“Nontraditional” is an apt description for Barack H. Obama, the first Black president of the prestigious Harvard Law Review.
“The fact that I’m Black makes me nontraditional,” he said. “My background is not typical of most of the members of the law review.”
The Harvard Law Review was founded in 1887 and is considered one of the most prestigious legal publications in the nation. Its alumni frequently become political and business leaders. Articles published in the review often are cited in judicial opinions and legal briefs. Obama, 28, succeeds Peter Yu, the review’s first Chinese American president.
“The body of editors believed that Barack had the necessary leadership skills to bring together and direct the largely diverse body of very intelligent law students and guide the magazine,” Yu said.
Review presidents are elected annually by the publication’s law-student editors. Each February, they lock themselves in a meeting to choose their next leader. Such sessions can run as long as 16 hours.
As the first Black, Obama must have presented the editors with quite a challenge. At 28, the Hawaii-born, second-year law student is also older than most of his contemporaries. He was raised by his Kenyan father and American mother, primarily in Indonesia and Los Angeles.
“I’m nontraditional less in my training than in my focus, and my past and my future plans,” Obama said. “My background is more concrete and hands-on. Issues of public policy and the Black community are of major importance to me.”
Many of his contemporaries will graduate from Harvard and head for clerkships for U.S. Appeals Court judges and Supreme Court Justices. But after he graduates, Obama plans to polish his skills at a law firm for a few years before returning to the Black community, where he worked prior to enrolling in Boston’s Harvard Law School in 1988.
“When I got out of Columbia, I knew I was interested in working on a community level, rebuilding inner-cities in some capacity,” said Obama.
He received his bachelor’s degree in political science from New York’s Columbia University in 1983. After graduation, he worked as a journalist for Business International, a financial newsletter based in New York.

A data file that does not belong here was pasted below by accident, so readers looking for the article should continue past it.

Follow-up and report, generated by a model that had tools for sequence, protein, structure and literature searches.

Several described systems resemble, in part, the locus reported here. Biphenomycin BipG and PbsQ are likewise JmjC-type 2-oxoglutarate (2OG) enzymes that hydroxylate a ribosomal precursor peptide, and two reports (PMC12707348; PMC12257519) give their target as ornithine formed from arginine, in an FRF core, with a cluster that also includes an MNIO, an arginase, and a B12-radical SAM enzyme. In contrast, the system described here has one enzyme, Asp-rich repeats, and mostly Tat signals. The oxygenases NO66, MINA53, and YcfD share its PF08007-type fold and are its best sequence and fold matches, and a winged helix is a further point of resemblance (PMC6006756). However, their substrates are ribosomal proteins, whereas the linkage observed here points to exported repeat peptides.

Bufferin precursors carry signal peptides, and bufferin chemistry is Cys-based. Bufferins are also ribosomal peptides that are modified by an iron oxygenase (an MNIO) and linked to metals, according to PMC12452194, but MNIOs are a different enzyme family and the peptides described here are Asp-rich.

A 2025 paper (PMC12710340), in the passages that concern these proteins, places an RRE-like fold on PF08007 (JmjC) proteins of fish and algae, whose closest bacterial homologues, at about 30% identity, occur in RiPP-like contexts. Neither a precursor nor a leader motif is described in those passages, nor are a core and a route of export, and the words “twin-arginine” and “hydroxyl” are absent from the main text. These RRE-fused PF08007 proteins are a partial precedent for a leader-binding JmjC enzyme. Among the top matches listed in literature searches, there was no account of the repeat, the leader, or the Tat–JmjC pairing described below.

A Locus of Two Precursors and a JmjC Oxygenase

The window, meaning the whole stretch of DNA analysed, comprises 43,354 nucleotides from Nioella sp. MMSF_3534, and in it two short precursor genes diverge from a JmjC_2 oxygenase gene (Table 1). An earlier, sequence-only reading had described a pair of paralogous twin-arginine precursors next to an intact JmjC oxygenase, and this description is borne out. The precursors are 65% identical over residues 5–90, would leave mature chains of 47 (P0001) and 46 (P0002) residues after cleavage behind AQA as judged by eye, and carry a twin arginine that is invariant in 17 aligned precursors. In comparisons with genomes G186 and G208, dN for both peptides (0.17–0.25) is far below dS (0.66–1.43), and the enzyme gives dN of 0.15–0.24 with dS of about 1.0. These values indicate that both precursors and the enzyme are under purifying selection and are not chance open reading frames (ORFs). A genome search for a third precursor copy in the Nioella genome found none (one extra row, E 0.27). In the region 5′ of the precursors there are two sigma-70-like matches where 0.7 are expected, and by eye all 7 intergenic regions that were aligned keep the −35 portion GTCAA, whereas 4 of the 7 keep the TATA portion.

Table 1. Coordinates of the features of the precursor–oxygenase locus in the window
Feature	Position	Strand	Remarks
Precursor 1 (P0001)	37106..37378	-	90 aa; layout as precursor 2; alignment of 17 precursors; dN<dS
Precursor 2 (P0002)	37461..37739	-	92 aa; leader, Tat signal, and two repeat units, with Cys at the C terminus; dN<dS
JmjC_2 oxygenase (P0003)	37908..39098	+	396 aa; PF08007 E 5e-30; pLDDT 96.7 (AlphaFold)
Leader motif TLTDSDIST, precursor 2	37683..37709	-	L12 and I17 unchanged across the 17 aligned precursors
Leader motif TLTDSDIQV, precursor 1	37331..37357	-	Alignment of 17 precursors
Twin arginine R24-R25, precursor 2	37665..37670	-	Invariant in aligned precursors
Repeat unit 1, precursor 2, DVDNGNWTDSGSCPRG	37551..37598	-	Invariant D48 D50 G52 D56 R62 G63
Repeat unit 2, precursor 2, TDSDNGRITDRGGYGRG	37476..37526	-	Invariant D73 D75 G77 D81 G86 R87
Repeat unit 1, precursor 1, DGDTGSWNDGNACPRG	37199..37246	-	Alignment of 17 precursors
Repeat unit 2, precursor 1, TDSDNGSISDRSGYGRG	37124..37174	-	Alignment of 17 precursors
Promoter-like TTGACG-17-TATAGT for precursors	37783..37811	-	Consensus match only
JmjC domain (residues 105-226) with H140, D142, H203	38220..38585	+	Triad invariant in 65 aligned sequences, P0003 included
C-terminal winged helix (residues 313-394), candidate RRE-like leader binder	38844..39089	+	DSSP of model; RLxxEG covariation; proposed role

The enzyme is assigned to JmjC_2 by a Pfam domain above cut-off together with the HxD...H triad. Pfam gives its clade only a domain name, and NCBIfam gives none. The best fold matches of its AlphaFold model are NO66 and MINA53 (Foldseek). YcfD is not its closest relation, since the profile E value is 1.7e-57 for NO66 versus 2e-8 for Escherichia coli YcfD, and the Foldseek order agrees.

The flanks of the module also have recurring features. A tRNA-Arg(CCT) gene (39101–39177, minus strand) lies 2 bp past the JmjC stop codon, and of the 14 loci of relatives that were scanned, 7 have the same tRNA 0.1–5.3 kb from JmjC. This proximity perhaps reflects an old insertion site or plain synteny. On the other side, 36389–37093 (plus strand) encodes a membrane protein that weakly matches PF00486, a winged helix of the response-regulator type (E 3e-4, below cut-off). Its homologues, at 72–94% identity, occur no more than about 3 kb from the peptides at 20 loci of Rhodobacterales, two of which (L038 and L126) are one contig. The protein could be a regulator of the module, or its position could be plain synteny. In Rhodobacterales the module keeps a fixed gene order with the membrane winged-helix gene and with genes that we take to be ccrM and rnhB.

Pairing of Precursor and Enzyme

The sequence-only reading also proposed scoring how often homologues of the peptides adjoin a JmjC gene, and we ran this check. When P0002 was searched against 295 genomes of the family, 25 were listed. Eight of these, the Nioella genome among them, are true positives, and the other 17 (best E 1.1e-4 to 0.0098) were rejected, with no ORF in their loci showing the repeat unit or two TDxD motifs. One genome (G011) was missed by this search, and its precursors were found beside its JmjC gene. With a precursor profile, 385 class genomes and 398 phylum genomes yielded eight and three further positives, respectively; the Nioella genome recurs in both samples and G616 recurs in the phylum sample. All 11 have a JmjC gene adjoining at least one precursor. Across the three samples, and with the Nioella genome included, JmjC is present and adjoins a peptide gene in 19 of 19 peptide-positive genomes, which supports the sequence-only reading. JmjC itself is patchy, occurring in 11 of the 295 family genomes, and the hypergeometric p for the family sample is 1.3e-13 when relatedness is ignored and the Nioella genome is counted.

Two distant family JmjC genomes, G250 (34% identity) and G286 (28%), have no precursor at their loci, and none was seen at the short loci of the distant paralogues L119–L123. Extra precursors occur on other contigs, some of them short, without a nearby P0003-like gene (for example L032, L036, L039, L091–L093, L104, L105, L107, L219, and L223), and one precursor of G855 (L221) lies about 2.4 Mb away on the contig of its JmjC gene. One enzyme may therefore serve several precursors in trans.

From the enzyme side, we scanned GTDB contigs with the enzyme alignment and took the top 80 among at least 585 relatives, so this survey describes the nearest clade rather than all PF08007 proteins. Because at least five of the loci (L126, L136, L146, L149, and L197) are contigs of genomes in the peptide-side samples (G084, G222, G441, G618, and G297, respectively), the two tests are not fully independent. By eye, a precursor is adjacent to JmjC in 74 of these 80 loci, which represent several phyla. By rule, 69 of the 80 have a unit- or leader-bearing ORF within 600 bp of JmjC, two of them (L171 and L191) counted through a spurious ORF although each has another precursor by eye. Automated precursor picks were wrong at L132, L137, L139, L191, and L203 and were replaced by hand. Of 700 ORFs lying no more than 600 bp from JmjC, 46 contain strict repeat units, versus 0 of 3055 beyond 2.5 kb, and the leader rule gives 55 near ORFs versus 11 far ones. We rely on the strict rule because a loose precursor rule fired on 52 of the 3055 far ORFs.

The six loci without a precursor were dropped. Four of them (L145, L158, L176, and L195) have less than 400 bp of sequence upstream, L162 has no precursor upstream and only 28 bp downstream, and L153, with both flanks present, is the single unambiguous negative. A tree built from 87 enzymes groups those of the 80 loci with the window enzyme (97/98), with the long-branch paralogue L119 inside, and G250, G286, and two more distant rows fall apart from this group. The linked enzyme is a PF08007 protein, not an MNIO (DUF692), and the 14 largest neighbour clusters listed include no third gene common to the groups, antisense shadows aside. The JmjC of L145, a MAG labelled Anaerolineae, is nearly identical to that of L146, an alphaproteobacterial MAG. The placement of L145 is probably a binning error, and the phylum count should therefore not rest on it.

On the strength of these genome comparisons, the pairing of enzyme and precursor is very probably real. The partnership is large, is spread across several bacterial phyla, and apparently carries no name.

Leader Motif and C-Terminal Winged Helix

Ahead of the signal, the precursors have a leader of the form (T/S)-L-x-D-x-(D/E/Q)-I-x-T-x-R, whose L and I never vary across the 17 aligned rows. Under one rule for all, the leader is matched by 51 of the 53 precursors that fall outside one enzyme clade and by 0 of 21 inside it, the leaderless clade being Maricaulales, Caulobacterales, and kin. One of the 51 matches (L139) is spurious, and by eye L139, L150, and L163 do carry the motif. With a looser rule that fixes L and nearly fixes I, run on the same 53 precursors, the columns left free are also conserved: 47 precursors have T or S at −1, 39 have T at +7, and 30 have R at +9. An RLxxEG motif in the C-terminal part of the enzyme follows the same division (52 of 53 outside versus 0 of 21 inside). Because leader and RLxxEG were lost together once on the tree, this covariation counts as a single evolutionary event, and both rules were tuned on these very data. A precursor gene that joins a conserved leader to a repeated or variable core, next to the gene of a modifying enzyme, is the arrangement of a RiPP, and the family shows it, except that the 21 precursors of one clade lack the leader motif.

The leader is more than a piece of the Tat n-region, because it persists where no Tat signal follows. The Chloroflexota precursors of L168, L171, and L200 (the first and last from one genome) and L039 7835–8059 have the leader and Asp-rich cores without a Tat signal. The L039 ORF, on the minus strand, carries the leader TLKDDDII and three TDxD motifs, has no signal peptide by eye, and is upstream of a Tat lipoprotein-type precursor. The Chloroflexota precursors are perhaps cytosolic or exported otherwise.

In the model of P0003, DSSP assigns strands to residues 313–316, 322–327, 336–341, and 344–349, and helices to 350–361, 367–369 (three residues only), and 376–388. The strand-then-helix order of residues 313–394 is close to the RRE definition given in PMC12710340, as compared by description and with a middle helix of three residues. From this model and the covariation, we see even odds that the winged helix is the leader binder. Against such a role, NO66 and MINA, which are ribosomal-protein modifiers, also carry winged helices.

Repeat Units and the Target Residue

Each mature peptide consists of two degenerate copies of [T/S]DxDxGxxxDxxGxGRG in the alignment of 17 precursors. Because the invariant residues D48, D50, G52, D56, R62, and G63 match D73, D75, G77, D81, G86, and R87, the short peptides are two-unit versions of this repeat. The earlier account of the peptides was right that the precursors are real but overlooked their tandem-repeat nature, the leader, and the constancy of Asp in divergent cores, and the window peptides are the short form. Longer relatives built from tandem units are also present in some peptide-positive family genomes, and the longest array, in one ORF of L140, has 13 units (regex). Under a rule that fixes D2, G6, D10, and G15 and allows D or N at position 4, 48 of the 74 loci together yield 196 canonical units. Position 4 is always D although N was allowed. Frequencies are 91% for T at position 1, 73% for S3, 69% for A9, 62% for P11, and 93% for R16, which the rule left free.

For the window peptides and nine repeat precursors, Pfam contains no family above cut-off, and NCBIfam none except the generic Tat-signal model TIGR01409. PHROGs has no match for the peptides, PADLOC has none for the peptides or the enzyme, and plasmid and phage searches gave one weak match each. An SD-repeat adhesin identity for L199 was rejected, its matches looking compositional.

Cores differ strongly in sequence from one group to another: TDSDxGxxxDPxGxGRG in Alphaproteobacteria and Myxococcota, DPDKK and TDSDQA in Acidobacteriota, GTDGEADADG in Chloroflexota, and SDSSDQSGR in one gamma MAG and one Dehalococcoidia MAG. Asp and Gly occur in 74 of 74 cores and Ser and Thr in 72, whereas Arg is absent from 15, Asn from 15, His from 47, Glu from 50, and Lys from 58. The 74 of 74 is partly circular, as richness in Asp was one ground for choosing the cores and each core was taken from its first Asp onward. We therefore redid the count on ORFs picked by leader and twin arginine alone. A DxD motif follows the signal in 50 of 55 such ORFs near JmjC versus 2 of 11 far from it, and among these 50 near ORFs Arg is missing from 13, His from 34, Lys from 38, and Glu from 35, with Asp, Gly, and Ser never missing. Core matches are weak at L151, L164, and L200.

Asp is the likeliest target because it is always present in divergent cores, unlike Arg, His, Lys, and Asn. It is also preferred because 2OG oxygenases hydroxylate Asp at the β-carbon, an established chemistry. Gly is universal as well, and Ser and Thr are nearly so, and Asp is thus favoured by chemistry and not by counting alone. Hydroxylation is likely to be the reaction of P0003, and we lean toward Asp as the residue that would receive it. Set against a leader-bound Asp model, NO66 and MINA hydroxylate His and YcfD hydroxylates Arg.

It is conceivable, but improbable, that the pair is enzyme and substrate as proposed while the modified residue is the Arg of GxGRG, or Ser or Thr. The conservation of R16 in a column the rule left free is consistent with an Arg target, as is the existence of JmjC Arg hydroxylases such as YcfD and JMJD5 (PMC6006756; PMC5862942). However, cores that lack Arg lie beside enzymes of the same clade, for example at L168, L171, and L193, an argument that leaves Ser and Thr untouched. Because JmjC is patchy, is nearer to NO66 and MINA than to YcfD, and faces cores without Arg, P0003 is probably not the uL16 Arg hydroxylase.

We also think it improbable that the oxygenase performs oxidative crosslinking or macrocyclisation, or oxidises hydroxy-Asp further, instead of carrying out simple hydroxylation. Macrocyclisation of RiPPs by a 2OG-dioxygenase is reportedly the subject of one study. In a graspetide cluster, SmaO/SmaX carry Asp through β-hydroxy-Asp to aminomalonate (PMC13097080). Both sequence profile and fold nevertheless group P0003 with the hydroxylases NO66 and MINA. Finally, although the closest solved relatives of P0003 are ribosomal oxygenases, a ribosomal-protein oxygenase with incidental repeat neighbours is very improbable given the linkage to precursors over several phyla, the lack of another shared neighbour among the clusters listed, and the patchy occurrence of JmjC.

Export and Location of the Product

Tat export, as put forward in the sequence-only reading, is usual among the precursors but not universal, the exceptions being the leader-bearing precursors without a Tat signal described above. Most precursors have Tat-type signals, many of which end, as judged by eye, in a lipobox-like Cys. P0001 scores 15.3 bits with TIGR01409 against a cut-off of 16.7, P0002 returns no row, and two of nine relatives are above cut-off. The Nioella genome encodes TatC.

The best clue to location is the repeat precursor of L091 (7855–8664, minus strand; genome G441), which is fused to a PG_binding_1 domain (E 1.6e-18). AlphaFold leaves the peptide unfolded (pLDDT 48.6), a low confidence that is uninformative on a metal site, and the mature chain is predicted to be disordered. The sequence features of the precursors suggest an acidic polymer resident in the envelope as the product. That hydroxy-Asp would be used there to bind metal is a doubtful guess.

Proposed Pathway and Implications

“I got a quick MBA out of that job,” he said. “I became aware that it’s more and more important to understand the intricacies of the system, how money flows and business operates. As more public policy is made by private actors, any strategy for Blacks has to involve the understanding of what is happening in the private sector.”
After a year at the newsletter, Obama moved to Chicago where he headed the Developing Communities Project. “I wanted to put some of my ideas to work,” he said.
Obama was the project director, and for a time, the organization’s only staff member. The group was founded by area churches to establish job-training programs, tenant organizations and to offer counseling and tutoring to disadvantaged youth.
“I’m proud of those concrete achievements,” he said of his accomplishments as director. “We had a stable organization, with 13 full-time staff. There was a core of grass-roots leadership in place. They had confidence in their own abilities to change things.”
The sense of accomplishment gave Obama a natural break for his next career move, enrolling at Harvard.
“I wanted to pull back and reflect on what I was doing and learn more about how the system works,” he said. “Law and legal education provide a tremendous number of tools to see how this society works.”
Obama was one of the 78 student editors selected to edit the review out of more than 1,600 Harvard Law Students. A close friend urged Obama to run for president three weeks before the election. The friend told him, “It’s another door to kick down,” Obama said.
“That’s why I decided to run,” he said. “It was another door we hadn’t walked through yet.”
The decision was not without costs. As president of the Review, Obama will work an average of 60 hours a week, reading and editing all articles, running the office with an eye on the budget, and motivating and managing the student editors. In addition, he will still have to keep up with his classes.
“People like myself are learning a certain language of mainstream society, of power and decision making,” he said. “We have an obligation to go back to the Black community, to listen and learn and help give our people a voice.”
At the Review, Obama said that one of the biggest challenges he will face is the sharpening and toning of the legal arguments presented in the magazine, whether they are “traditional or pathbreaking.”
“My achievement is only the result of the much more significant achievements of the first Blacks at Harvard, the scholarship of W.E.B. DuBois and Frederick Douglass, the people who desegregated the schools in the South,” he said. “I hope people can look at me and see that achievement is part of a bigger struggle.”
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